“This e-commerce surge obviously translates well for Emerge’s portfolio of companies, which have seen similar strength in organic growth. truLOCAL revenues have grown at a CAGR of +136 per cent year-over-year for the past three years. With the average order value per month per customer staying fairly constant, member growth has been increasing at a similar clip. Management also indicates that margins have increased steadily over this time from 30 to 35 per cent,” Li wrote.

On the type of company Emerge pursues, Li said while e-commerce SMBs are benefitting from the transition to online shopping, many aren’t getting the capital resources to scale their businesses, with this being especially true for companies in the $1-$5 million EBITDA space. That phenomenon has led to the emergence of companies like Emerge growing through acquiring and enabling such smaller ‘Fulfillment by Amazon’ companies.

“Emerge tends to place a higher multiple on acquisitions made. We believe this speaks to the size and quality differences of the assets acquired. Amazon acquirers are buying smaller and riskier companies with an average of $1.0-$2.0 million of revenue and $0.5-$1.0 million of EBITDA,” Li wrote.

“The vast majority of these Amazon acquirers go after smaller FBA Amazon shops that do not have their own proprietary tech (most of them are building on top of the Amazon environment). As such, there is always the risk of being entirely dependent on the Amazon ecosystem, which can change at any time. Emerge, on the other hand, tends to go after larger quality assets that are not subject to the same level of platform risks,” Li said.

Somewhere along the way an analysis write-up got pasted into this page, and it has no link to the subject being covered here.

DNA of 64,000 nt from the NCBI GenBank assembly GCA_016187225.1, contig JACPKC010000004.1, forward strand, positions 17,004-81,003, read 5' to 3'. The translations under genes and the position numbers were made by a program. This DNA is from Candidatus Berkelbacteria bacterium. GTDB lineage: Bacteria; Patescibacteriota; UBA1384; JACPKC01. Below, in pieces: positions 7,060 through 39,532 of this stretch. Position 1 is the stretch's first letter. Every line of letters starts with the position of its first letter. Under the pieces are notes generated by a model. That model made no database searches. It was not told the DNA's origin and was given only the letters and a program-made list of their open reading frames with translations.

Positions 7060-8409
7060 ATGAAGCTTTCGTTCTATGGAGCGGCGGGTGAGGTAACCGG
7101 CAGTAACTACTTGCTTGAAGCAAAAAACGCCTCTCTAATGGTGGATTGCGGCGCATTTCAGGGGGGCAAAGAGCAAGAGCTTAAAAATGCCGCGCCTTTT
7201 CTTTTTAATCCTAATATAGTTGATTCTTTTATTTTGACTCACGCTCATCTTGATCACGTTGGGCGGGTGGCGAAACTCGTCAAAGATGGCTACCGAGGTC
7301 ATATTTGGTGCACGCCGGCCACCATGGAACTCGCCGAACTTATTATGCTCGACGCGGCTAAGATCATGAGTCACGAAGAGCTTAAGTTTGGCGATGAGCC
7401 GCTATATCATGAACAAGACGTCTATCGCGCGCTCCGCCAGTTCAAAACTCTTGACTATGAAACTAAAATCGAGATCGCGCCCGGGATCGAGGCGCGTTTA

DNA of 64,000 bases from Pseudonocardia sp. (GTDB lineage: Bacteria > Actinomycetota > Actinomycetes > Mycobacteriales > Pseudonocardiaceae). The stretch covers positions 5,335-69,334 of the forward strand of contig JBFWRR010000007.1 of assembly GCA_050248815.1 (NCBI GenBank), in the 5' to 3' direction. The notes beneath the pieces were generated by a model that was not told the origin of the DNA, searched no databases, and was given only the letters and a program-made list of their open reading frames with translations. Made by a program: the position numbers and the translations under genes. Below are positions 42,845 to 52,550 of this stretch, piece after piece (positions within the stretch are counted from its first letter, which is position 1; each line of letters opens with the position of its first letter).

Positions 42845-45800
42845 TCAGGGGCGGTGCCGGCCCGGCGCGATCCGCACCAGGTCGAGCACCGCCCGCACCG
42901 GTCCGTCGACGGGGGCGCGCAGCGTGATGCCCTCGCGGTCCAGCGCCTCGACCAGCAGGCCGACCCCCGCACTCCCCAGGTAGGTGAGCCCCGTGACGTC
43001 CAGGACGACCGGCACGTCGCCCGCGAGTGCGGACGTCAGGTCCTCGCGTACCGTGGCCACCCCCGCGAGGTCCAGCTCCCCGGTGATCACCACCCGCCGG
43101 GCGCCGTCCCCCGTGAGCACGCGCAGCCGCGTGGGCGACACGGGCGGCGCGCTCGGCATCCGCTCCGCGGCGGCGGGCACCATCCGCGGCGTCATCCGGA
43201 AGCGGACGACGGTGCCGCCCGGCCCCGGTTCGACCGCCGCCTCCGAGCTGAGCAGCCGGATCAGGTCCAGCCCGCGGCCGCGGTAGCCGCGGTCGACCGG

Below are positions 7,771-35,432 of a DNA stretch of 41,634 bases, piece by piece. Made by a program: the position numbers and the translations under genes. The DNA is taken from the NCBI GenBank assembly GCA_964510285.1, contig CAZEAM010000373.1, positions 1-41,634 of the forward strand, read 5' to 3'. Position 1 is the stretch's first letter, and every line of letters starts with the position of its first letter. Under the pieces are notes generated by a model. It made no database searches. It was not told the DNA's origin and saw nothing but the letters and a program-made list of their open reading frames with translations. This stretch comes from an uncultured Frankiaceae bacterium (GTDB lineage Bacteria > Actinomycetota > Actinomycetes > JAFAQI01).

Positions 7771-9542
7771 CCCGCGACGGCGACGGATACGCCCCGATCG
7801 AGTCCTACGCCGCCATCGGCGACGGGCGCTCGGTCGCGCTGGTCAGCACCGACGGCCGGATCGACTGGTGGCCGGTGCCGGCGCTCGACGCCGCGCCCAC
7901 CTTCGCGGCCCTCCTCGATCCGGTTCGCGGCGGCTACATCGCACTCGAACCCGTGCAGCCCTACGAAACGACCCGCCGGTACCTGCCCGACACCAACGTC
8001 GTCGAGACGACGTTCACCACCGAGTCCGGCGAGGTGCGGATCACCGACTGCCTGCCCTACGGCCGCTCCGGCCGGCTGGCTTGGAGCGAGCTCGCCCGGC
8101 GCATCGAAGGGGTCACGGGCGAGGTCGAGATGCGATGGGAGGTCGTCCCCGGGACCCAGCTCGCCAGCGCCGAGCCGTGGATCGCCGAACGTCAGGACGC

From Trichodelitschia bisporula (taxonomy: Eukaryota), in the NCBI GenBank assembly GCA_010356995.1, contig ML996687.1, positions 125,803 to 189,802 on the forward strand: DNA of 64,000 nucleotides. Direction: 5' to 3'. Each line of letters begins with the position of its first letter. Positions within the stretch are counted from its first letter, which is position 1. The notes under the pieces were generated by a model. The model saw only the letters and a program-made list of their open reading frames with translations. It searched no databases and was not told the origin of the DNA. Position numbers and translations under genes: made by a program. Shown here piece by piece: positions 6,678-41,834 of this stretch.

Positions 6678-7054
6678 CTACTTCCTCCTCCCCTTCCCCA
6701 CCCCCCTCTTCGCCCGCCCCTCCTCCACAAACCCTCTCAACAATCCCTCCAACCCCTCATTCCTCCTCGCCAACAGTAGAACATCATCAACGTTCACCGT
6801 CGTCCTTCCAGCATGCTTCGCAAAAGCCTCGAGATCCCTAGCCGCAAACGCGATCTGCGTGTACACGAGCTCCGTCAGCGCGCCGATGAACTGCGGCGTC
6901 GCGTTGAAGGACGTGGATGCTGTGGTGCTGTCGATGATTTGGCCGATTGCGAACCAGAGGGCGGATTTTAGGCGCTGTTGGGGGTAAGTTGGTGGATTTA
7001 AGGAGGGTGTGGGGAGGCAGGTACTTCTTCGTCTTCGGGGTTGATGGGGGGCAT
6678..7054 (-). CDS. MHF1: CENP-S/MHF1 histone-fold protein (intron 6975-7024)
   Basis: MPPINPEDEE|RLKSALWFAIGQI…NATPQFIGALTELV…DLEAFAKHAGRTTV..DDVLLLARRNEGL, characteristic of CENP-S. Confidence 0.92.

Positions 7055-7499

Along with having an established management with a pedigree in M&A, Li said EMERGE’s ‘founder friendly’ approach to acquisition is commendable, with the company typically offering a “very fair” multiple of 4x-6x EBITDA, representing a premium to some of the smaller deals done by other similar Amazon acquirers.

“The typical acquisition is structured with the majority of the payment upfront (50 per cent) cash. Shares make up ~20 per cent of the consideration and this becomes a strong selling point as ECOM executes successfully on its growth strategy, allowing founders of these acquired companies to participate in the potential upside of a public company,” Li wrote.

On its financials, Emerge reported its third quarter 2020 results in mid-December, 2020, with revenues of $2.2 million (up 196 per cent year-over-year) and adjusted EBITDA of $0.1 million. For the upcoming fourth quarter results, Li is forecasting revenue of $2.2 million and EBITDA of $0.1 million. Longer-term, Li thinks Emerge will hit $33.4 million in total for 2021 revenue and $38.4 million in revenue for 2022. On EBITDA, he is calling for $1.4 million in 2021 and $2.0 million in 2022.

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About The Author /

Cantech Letter founder and editor Nick Waddell has lived in five Canadian provinces and is proud of his country's often overlooked contributions to the world of science and technology. Waddell takes a regular shift on the Canadian media circuit, making appearances on CTV, CBC and BNN, and contributing to publications such as Canadian Business and Business Insider.